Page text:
It’s far from perfect, but I do appreciate the attempt to wrap things up nicely, although it sometimes seems like they just made it even more complicated near the end. Overall, as I said when I first started reviewing this series, these 40 issues represent a lot of missed opportunities. I believe that much potential remained in the original concept, but it wasn’t fully realized. The first mistake was probably in having Supreme lose his powers and have to rely on Thor’s hammer, and then with having Supreme replaced by the younger version, which just made him closer to being a less-interesting version of Superman. By the 40th issue, this series had dropped to #105 on the comic-book charts, but the fact that it kept going this long definitely speaks to the health of the comic-book industry at the time. But now it was time for another drastic change, and that arrived in the form of a man whom you may have heard of, named Alan Moore…
Zebra MacPherson?!? Seriously? Is that an actual person? It sounds like someone working under a pen name. If I am wrong, please feel free to correct me.
Looking through your various posts on Supreme, I’m very bemused at the insane number of writers & artists who rotated in and out. I mean, I know that the 1990s was when blowing deadlines became almost fashionable among comic book creators, but even by those standards this book saw an insane amount of turnover. It reminds me of that rude expression about getting passed around more than a fifth of Jack at a frat party 🙂
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RE: Zebra MacPherson, I wouldn’t be surprised if you’re right. Looking up the name online Supreme #31 and #34 are literally the only comic-book credits I can find for him (or her). And there isn’t any other info about that person, no social network profiles or anything. So it’s very possibly a pen name.
RE: the artists. Yeah, that’s one thing. Lateness was a big problem for many of the Image books in the 90’s, especially those drawn by the founders themselves. I recall that there were series that could take 6-8 months in between issues. So on the one hand this series, which was actually the longest continued running series from Liefeld’s Extreme Studios, and one of the longest overall from Image in the 90’s, which is probably due to the fact that they just did whatever they had to do to get this book out, including switching artists (and writers). Back at the time readers (like myself) were probably just happy to be getting new issues on a semi-regular basis, but now looking at the series collectively, re-reading one issue after another the constant changes become rather glaring. You’ll notice, when it comes to the artists, I stopped specifically listing which issues they worked on, because not only would artists on this series switch from issue to issue, sometime there would be more than one artist on a single issue. So it just became two time consuming. In retrospect, maybe it would have been better to let this series suffer more lateness if that’s what it took to get a consistent regular art-team on it? But hindsight is 20/20.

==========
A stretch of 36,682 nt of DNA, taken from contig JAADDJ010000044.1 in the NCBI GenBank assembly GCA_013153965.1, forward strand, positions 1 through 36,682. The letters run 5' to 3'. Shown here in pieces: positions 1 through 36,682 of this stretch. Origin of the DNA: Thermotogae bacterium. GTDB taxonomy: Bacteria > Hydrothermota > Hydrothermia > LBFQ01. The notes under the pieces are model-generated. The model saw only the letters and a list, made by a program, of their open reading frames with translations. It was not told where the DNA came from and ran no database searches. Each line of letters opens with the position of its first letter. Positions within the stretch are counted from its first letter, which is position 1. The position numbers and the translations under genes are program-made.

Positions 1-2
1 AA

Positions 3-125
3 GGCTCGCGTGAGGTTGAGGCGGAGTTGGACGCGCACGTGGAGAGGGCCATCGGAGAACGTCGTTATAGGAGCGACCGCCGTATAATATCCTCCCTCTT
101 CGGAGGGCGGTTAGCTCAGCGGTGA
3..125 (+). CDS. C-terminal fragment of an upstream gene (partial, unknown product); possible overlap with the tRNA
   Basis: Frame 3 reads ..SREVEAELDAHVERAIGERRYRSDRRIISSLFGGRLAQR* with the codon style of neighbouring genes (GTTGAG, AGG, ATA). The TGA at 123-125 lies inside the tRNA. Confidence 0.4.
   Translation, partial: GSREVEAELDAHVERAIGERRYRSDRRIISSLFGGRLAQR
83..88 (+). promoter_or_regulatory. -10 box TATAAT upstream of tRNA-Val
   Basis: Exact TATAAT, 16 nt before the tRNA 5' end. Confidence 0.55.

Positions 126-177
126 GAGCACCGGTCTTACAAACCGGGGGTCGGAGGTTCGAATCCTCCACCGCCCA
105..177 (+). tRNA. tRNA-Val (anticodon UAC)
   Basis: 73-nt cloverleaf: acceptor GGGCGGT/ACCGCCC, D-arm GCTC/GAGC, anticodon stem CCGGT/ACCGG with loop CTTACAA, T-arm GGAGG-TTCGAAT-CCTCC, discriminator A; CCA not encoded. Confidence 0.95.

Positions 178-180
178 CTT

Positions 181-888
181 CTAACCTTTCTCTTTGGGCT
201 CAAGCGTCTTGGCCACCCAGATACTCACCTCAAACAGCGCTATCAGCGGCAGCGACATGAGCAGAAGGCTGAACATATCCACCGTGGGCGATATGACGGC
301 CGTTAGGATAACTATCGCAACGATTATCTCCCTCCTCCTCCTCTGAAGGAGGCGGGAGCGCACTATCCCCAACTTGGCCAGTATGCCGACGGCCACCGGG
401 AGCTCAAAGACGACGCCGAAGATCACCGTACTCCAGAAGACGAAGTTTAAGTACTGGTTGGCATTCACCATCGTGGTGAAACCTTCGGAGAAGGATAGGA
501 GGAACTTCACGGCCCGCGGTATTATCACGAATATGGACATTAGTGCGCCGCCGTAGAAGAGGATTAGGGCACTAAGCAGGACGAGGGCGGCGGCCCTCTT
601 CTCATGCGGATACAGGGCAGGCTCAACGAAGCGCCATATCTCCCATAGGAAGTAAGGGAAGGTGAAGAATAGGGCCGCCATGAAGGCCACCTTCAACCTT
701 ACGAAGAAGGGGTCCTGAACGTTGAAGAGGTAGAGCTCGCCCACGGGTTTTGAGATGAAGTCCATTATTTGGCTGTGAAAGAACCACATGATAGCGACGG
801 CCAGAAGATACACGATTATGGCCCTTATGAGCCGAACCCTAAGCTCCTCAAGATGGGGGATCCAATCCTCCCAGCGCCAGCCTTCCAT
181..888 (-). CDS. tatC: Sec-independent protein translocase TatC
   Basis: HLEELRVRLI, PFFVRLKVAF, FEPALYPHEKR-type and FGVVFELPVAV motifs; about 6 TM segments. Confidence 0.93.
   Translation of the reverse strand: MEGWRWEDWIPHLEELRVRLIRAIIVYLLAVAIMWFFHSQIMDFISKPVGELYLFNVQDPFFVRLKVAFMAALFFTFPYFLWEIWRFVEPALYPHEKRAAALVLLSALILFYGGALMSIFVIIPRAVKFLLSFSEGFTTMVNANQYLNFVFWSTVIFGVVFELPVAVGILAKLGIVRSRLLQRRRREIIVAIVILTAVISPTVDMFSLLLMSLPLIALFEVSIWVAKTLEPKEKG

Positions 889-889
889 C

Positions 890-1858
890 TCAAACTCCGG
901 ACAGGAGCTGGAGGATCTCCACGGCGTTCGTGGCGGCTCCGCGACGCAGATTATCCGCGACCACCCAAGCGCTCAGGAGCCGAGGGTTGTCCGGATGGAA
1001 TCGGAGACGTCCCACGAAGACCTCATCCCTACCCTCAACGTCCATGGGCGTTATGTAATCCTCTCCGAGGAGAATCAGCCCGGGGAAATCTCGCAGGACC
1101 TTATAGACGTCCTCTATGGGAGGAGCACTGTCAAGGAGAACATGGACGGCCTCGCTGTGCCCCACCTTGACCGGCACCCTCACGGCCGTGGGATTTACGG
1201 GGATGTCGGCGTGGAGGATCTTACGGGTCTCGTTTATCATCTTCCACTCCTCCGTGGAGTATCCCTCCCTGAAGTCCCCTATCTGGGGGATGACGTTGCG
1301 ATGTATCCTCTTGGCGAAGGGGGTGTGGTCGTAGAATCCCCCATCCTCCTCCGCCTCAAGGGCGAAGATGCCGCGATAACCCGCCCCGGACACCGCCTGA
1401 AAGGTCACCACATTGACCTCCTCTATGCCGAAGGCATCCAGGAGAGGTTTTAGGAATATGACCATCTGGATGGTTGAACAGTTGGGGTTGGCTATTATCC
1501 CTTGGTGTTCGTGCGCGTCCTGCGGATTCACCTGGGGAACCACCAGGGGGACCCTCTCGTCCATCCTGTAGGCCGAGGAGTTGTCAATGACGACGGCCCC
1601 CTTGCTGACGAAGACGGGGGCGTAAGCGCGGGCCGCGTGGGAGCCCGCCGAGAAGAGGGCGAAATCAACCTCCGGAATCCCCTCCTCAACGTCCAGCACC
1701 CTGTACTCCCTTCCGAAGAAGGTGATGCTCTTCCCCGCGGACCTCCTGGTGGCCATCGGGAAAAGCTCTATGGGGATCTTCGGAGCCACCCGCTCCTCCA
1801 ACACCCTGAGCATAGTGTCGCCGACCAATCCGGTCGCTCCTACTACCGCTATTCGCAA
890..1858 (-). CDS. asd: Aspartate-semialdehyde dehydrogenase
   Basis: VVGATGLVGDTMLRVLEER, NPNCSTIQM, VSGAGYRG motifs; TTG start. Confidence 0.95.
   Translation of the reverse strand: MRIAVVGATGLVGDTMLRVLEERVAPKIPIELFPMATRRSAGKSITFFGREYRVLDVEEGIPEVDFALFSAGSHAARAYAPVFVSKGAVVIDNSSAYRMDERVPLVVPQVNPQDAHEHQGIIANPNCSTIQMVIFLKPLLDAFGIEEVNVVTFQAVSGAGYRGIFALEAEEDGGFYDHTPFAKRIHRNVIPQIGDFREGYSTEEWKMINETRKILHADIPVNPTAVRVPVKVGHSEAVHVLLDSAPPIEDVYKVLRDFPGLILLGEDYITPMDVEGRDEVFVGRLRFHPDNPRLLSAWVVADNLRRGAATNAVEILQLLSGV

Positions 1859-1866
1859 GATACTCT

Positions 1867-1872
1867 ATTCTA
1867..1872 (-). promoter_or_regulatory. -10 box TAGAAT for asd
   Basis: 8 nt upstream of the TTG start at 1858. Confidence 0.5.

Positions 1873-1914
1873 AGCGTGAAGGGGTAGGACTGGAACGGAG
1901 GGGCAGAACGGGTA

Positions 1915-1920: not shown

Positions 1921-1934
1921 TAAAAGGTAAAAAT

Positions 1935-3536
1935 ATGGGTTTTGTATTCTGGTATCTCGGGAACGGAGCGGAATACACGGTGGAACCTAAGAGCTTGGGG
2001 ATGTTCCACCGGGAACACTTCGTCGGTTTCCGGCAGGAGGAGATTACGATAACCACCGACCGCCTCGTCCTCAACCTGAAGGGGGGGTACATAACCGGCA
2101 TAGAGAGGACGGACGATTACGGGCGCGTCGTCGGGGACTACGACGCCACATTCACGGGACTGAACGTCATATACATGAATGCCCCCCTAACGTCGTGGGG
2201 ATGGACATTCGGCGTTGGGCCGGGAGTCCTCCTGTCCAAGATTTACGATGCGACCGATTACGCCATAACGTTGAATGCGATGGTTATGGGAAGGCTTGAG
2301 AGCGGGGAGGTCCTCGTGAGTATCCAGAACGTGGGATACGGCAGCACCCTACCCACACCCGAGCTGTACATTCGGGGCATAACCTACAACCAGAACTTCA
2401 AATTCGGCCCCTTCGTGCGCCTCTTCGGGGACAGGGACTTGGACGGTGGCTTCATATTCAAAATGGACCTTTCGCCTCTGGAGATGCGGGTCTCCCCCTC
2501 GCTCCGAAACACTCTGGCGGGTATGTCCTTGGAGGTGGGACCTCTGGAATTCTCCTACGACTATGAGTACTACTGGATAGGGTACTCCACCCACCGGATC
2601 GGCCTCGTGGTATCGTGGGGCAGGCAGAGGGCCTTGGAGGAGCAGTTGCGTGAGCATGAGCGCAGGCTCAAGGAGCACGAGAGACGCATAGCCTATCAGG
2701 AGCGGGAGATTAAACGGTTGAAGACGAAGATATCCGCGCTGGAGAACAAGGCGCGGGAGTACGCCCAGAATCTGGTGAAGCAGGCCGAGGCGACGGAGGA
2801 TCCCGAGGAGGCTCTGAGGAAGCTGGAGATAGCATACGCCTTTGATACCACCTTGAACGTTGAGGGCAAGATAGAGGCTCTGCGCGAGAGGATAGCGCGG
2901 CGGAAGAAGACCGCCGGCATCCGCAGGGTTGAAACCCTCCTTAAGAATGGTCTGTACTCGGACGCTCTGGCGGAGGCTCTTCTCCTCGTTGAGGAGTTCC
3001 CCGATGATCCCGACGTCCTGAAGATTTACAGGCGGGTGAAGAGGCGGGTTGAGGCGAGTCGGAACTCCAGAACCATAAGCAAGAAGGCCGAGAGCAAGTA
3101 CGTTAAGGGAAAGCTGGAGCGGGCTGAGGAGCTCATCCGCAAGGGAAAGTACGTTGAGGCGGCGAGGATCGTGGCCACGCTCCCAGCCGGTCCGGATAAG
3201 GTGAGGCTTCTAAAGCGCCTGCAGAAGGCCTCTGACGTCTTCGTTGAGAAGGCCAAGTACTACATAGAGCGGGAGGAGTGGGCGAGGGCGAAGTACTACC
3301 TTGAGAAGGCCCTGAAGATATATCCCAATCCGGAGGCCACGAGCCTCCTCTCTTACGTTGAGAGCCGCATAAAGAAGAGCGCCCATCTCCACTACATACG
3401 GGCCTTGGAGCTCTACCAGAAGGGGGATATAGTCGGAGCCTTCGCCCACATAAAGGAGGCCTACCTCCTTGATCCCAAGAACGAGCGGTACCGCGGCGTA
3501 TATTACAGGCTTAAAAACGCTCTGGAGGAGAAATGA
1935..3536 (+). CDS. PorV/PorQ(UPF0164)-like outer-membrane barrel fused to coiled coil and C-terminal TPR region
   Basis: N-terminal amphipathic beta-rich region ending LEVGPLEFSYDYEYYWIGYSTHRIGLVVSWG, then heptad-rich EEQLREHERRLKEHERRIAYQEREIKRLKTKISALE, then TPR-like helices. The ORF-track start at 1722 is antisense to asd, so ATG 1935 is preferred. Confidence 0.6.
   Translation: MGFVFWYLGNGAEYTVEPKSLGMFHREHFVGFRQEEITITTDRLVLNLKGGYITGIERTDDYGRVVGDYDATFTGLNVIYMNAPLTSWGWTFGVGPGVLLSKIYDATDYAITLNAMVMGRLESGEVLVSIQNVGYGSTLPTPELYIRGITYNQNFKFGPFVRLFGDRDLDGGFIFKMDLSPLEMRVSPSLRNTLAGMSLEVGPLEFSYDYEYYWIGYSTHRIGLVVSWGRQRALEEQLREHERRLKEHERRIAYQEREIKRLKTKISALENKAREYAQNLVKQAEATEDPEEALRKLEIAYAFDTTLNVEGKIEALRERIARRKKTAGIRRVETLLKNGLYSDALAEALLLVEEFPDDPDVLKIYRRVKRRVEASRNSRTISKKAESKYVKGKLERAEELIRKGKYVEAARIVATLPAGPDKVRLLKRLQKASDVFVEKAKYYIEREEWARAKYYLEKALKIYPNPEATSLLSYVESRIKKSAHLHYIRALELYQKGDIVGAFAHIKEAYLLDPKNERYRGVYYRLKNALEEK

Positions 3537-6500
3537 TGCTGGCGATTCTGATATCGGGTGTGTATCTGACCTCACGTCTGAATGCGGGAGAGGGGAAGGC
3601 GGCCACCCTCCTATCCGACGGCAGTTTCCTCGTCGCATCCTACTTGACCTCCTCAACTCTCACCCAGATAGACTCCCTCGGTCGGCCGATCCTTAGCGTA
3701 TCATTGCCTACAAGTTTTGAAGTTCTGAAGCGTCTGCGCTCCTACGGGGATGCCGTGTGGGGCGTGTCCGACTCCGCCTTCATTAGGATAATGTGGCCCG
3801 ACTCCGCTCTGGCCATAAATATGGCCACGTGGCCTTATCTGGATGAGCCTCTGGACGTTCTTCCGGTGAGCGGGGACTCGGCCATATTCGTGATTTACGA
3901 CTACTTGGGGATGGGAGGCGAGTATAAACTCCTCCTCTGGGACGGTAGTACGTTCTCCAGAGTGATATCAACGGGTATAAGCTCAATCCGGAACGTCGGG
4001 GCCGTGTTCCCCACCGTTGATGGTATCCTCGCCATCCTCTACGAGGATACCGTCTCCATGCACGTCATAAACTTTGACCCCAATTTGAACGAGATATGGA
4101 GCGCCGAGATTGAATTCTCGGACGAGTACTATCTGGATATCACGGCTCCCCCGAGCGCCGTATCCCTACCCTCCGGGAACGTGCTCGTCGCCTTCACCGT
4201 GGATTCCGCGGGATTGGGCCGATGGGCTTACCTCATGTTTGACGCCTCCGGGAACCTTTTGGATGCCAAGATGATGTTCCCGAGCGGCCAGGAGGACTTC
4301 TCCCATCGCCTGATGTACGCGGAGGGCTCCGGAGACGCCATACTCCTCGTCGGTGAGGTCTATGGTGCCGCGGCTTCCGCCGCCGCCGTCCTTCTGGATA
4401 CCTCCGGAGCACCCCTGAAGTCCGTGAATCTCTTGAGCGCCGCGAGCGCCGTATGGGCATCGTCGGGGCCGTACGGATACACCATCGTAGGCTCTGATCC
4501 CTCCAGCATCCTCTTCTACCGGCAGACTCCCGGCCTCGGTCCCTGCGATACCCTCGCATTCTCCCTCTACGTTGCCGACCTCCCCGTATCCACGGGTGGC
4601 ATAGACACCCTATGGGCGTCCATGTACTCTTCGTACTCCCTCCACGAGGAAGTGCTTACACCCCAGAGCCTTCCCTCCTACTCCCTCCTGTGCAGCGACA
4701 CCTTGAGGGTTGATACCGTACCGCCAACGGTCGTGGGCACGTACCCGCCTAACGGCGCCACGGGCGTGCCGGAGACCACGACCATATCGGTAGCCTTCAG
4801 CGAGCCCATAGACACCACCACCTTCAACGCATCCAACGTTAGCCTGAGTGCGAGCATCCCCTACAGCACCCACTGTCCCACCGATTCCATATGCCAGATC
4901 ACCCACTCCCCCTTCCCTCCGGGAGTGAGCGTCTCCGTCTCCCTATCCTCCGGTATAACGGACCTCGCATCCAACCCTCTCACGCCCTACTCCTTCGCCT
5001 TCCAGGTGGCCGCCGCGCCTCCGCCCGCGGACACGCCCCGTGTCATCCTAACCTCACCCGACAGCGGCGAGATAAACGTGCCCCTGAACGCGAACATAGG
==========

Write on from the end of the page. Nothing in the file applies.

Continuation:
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Thanks for doing these reviews of Supreme. I remember picking up the first couple of issues and thinking, much like you, that there was a lot of potential in the concept. I quickly lost interest due to the constantly changing creative teams.
I picked up the first Alan Moore issue and was completely captivated. I followed the title through it’s various publishers until the Moore run was finished. Your blog posts are a nice way of seeing what came before.
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Thanks, man, glad ya liked it! I’m debating exactly how I’m going to cover the Moore issues. It’s been reviewed so many times by much better reviewers than me, that I don’t really know what extra insight I could even bring to it. It was the pre-Moore issues that have been largely forgotten, so I figured that’s what really needed a second-looked. But I do plan to get to the Moore, Larsen, and Ellis runs next.
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[…] project that Extreme Studios launched, originally published by Image Comics. At the conclusion of Supreme #40, Lady Supreme decided to remain on that other Earth in deep space, while Supreme returned home, so […]
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[…] Supreme. And looking back at the original series we can see where the change occurred. SUPREME #40 ends with Liefeld’s Supreme leaving the other Earth in deep space to return to original […]